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Public challenged to develop tech-based ideas for early literacy learning

By Camille Dupire - May 06,2018 - Last updated at May 06,2018

Three young men take part in the Hacking Literacy challenge at Zain Innovation Campus this weekend (Photo courtesy of ILearn)

AMMAN — Applications developers, parents, youth and children came together this weekend to come up with innovative technology based solutions to the problem of early literacy skills learning.

Organised by Jerash-based organisation ILearn under the patronage of Education Minister Omar Razzaz, the “Hacking Literacy” challenge saw the participation of over 80 people from seven governorates who brainstormed tech ideas and applications aimed at facilitating reading and writing learning for students in the first three grades of school.

“Technology is an important means of providing new learning opportunities for children but we still witness a lack of educational e-learning options for young learners in Jordan; therefore, we decided to bring together all parties involved in the educational process — app developers, designers, educators, students and other members of the public — in one place, to have them discuss solutions to the barriers faced by young Jordanian learners,” Saddam Sayyaleh, founder of ILearn, a local NGO specialised in non-formal education, told The Jordan Times.

Held at the Zain Innovation Campus in partnership with Zain and a number of national institutions and start ups, the event aimed at combating illiteracy through technology 

“We wanted to involve all segments of society involved in the learning process, including parents, educators and students themselves, to create engaging solutions in a cooperative setting,” said Sayyaleh, noting that the event also paid attention to the inclusive nature of the solutions through the participation of a specialist on issues of disability and accessibility.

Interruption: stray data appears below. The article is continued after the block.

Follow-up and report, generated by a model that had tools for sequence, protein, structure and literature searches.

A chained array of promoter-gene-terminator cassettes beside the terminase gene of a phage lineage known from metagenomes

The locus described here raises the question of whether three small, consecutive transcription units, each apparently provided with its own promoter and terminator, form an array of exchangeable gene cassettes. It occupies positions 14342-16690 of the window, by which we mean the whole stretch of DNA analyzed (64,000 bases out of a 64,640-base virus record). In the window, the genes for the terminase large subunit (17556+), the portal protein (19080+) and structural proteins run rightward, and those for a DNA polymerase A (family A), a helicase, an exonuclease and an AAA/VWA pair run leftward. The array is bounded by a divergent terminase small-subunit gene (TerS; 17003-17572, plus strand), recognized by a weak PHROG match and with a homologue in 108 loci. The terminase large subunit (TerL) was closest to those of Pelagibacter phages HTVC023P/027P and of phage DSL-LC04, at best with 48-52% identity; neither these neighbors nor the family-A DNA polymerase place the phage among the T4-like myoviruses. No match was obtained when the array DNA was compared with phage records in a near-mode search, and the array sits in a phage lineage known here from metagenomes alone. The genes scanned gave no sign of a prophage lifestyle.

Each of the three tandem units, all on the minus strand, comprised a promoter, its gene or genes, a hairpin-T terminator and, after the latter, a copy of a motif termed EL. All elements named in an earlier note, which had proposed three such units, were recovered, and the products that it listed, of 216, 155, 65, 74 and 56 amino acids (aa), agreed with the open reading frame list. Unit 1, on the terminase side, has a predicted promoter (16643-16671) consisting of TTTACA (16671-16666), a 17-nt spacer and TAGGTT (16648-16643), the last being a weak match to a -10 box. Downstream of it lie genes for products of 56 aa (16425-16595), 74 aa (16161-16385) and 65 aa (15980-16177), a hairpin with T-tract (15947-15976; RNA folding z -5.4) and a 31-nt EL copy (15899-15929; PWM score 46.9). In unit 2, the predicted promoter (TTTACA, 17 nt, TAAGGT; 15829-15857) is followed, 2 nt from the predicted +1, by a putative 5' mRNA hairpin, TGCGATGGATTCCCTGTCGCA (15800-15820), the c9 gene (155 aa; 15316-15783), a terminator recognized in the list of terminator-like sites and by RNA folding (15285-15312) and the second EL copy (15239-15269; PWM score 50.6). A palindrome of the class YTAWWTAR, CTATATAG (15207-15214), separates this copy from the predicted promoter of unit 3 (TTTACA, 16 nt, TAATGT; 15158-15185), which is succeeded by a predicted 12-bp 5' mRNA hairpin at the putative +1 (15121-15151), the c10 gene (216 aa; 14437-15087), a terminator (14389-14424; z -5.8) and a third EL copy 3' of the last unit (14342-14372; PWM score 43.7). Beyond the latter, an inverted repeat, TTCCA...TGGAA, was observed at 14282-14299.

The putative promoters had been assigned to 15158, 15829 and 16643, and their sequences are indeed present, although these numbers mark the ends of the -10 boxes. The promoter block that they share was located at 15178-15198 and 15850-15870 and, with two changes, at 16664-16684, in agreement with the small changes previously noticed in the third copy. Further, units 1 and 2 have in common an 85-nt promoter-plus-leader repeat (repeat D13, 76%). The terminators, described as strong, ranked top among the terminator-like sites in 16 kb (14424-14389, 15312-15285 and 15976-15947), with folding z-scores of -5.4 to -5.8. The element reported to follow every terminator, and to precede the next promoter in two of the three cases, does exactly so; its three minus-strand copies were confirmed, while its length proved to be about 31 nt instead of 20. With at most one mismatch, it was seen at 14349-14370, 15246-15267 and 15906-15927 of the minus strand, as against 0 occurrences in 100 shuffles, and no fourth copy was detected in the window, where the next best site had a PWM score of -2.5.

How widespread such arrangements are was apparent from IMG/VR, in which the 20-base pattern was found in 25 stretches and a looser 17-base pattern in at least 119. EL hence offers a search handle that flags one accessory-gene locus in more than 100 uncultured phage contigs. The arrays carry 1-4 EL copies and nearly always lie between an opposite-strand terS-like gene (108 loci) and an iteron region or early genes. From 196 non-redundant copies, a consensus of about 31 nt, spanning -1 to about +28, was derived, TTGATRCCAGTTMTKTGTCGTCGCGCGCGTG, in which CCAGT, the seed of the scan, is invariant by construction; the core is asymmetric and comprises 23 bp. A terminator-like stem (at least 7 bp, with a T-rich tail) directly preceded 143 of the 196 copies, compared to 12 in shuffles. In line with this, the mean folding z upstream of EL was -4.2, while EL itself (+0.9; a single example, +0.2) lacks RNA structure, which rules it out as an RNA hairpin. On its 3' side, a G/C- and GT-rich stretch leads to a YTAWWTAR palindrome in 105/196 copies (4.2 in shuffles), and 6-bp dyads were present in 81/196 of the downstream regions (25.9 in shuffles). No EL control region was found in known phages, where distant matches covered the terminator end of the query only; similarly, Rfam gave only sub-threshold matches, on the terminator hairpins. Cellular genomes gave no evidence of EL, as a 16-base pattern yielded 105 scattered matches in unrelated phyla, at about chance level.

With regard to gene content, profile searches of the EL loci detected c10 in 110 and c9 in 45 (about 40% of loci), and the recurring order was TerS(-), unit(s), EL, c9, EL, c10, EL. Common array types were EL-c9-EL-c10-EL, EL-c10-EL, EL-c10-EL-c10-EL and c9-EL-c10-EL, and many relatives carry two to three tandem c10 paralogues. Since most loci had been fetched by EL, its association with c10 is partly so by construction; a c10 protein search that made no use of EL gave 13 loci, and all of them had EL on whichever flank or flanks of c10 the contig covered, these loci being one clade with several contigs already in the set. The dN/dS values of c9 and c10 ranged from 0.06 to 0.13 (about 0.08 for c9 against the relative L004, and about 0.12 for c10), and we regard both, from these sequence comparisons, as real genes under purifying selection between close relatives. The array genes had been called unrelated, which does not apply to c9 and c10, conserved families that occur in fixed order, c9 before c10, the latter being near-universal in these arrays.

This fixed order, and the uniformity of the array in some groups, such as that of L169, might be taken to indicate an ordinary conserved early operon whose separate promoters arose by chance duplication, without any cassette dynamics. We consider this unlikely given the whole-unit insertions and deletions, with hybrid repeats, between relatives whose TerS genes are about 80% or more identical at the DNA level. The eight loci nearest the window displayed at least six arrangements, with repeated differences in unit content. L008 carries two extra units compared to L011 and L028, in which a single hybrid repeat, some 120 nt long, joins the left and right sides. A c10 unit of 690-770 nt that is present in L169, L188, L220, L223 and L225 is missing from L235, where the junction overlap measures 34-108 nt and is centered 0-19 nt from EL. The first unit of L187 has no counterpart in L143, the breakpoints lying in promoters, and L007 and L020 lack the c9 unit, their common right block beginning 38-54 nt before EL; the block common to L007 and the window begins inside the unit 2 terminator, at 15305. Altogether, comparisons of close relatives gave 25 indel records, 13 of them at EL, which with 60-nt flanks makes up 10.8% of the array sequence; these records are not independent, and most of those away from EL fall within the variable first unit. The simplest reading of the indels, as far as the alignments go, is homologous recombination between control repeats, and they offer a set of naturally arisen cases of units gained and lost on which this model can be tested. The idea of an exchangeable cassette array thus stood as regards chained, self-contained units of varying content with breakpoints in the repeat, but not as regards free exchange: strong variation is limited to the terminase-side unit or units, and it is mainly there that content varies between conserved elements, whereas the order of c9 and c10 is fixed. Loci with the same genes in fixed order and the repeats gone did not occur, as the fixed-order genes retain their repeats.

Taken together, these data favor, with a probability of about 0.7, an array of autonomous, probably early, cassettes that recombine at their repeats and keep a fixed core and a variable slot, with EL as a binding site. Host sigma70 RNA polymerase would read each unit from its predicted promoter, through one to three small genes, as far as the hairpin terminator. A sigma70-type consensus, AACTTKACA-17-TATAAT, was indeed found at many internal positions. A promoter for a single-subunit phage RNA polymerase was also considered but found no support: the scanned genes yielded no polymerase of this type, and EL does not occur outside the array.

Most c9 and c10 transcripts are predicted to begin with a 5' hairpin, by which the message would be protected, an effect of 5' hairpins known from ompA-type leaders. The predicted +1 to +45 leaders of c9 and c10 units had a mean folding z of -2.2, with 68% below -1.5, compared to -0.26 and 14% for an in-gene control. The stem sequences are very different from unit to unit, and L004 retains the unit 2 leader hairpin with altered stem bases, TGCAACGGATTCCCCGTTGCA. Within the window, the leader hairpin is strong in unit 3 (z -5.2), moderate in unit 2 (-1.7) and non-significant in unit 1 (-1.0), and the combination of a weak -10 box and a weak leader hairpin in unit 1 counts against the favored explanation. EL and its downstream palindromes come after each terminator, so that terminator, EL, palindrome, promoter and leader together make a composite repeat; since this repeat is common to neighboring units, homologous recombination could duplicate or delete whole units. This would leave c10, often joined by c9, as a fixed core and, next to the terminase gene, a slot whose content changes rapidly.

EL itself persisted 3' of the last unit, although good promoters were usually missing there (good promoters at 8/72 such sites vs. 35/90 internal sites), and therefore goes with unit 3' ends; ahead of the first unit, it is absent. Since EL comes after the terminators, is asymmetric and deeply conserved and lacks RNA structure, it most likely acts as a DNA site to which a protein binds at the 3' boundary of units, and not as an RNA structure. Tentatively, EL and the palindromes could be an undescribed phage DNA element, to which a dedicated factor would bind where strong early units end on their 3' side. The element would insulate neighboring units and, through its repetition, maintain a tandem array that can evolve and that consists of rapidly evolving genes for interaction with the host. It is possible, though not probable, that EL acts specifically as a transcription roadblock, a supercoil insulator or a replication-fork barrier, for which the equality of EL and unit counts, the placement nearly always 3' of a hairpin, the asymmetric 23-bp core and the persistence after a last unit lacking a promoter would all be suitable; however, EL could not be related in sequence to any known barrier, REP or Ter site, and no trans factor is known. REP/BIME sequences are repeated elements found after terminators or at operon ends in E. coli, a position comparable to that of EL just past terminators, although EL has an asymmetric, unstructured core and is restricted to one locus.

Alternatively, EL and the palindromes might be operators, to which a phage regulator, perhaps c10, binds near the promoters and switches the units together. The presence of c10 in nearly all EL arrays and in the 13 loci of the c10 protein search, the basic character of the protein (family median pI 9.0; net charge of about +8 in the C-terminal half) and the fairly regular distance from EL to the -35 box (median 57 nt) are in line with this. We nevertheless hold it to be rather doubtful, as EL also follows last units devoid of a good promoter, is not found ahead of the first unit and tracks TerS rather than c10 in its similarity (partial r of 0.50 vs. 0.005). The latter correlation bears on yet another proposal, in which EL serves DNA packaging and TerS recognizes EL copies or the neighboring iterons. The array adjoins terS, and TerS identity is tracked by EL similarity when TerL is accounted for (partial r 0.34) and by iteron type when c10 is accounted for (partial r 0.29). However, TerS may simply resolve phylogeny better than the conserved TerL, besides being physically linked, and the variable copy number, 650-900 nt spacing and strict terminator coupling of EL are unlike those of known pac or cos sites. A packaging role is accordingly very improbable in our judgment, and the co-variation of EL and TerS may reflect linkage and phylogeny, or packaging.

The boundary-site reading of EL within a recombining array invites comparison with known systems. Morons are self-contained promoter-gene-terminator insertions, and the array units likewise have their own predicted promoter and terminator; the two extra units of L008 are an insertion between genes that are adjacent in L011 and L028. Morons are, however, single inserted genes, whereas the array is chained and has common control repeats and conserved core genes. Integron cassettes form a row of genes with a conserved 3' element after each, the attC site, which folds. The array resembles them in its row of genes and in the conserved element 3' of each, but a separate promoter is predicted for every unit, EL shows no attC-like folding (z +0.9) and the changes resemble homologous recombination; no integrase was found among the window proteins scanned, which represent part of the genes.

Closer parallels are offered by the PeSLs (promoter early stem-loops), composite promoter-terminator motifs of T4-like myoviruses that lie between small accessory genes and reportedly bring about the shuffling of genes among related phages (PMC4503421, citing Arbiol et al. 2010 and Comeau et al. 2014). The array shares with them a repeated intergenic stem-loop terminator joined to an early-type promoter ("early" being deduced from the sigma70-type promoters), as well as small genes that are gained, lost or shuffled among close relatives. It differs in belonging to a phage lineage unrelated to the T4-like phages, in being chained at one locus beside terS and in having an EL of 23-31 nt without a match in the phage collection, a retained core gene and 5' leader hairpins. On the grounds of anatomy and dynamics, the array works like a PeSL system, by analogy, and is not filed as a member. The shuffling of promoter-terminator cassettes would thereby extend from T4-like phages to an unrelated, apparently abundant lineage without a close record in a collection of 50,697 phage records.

Hala Mahfouz said she helped mentor the teams to tackle the issue of illiteracy for people with disabilities (PWDs) in order to "turn their ideas into an inclusive approach towards education". 

"A wheelchair user myself, I am very sensitive to all kinds of difficulties people can face in their daily life, especially in accessing quality education," she told The Jordan Times, stressing "learning is one of the most basic rights for all and especially for PWDs, and technology is a very useful tool for PWDs to access learning places they could not reach otherwise due to a lack of accessibility."

"Using technology in education is a great way to reach more people and get all groups involved, especially those who would have otherwise been deprived from opportunities to learn, work and contribute to society," Mahfouz pointed out.

"It was amazing to see for the first time ever a 13 years old work equally with a teacher in a group that sought to develop solutions from the community to the community," Sayyaleh recounted after the event.

Sayyaleh served as a judge in the challenge, alongside CEO of Innovation and Human Resources at Zain Jordan Rasha Barakat, Senator Haifa Hajjar, founder of the programming organisation Hello World Kids Hanan Khader, Project Manager at JOHUD Asma Kayyali and chief of operations at MenaITech, Ronza Masarweh.

Following the three day challenge, teams presented their solution to a jury of professionals, aiming to seize prizes ranging from JD200 to JD700. 

“In addition to the cash prizes, winners will be given the opportunity to work on their idea and turn them into electronic applications that serve the challenge in collaboration with Zain,” Barakat explained.

“The app will be adopted by ILearn to help young students in underprivileged areas who will test its efficiency before hopefully scaling the idea up to all school children in the Kingdom,” Sayyaleh said, recalling the participants' "great aspiration" to see "Hacking Literacy" exist outside of Amman.

He voiced hope to gather all in spreading "an amazing model that enables collaboration, innovation and celebrates inclusion outside the capital", announcing plans to launch the first Amman "Drive and Learn" in September by six young people from three municipalities.

“Ultimately, our aim is to activate the country’s coder community to help produce engaging, pedagogically suited apps targeted at early-grade readers,” he continued, highlighting the current lack of offers on the market. 

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